Fluoride and Your Teeth

As early as a six-month well visit, doctors and pediatricians commonly ask questions about your family’s water source, and what type of water your child may be drinking and/or using in formula. So what difference does it make to your health?

Fluoride can prevent, or even reverse, early tooth decay when it is ingested, and comes in contact with the teeth. About 60% of American households have fluoridated water on tap (some communities have a water supply with naturally occurring fluoride, while others have it added in at a water plant). If you live in an area where the water is not fluoridated, or if your children drink bottled water consistently, your doctor or dentist may prescribe a fluoride supplement.

As with vitamins, fluoride in excessive quantities can be harmful. Too much fluoride can cause discoloration of the tooth enamel, or in very rare cases, fluoride toxicity. Fluoride toxicity only occurs when too much fluoride is ingested in a very short period of time. This can cause nausea, vomiting, and other symptoms. Because of these rare but negative effects, be sure to keep fluoride toothpaste, supplements, and mouth rinses out of reach of children. Do not use fluoride toothpaste with children under the age of 2, and don’t give fluoride supplements to children who get enough of the element in other places.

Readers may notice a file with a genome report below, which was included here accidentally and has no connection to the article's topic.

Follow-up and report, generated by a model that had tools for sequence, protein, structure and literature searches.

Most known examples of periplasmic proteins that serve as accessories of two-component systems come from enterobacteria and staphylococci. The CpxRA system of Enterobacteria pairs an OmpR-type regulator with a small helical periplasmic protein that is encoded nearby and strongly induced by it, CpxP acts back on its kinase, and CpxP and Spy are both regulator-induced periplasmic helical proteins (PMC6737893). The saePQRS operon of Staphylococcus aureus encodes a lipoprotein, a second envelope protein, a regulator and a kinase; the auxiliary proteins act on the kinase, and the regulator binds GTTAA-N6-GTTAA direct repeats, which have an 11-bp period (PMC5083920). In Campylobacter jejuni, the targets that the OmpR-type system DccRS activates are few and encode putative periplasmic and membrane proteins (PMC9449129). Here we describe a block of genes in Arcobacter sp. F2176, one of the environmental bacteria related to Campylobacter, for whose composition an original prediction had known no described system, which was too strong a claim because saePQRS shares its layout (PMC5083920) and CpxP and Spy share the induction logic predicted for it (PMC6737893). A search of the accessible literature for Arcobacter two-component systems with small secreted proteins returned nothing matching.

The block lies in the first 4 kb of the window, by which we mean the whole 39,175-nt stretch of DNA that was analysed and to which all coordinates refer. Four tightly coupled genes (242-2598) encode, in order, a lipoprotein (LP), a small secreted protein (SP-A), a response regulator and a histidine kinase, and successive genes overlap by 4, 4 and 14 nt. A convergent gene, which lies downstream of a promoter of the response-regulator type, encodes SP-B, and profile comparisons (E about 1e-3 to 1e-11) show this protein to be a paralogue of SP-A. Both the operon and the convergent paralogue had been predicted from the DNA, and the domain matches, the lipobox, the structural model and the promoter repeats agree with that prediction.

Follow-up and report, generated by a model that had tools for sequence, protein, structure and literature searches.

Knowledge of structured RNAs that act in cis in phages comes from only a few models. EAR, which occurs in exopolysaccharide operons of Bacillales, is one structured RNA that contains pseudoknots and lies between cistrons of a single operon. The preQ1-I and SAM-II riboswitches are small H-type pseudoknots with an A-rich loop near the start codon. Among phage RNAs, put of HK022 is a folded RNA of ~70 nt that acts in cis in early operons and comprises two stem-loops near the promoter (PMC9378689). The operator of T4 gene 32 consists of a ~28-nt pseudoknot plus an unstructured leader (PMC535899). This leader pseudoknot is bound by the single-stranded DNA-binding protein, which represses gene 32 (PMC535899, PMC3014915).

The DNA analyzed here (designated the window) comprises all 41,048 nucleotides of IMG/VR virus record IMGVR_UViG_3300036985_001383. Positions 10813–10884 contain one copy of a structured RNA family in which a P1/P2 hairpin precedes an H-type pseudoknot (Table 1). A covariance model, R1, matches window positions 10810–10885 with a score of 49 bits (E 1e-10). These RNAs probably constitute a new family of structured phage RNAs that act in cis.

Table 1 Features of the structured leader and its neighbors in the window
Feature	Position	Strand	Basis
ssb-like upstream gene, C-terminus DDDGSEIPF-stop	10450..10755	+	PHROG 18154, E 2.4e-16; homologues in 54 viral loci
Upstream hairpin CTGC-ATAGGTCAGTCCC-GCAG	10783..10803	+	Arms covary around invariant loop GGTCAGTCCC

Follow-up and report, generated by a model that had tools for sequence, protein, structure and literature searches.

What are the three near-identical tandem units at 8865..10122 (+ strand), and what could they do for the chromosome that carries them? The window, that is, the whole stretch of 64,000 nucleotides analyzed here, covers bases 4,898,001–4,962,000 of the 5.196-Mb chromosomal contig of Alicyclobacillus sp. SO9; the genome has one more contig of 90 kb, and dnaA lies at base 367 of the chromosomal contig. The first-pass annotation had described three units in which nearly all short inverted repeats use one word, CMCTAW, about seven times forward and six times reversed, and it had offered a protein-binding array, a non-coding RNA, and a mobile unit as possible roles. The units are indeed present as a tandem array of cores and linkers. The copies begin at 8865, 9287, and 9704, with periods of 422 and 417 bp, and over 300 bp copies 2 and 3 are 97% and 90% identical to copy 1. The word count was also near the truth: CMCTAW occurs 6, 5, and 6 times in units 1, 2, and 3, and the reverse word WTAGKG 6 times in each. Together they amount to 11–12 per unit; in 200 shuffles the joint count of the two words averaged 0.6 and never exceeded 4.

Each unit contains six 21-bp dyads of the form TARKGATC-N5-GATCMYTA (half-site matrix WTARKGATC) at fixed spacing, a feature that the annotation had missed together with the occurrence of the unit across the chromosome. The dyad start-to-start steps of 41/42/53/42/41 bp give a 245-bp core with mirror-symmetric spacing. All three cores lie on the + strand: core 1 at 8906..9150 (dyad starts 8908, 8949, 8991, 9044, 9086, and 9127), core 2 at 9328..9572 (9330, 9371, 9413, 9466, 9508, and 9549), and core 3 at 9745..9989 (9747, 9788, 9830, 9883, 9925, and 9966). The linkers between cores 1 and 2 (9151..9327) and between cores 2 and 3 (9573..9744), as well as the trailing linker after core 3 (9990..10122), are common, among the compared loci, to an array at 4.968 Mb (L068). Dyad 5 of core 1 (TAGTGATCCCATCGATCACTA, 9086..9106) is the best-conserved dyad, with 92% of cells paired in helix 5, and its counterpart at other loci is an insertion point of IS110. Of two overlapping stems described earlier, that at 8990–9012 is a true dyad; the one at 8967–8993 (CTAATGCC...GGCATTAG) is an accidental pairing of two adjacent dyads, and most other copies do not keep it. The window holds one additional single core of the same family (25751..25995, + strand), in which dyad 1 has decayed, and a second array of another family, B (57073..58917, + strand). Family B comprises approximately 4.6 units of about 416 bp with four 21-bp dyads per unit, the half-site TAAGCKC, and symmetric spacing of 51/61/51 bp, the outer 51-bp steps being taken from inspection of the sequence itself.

As always, ask your doctor or dentist any questions about the benefits of fluoride and whether you or your children are receiving enough (or too much).

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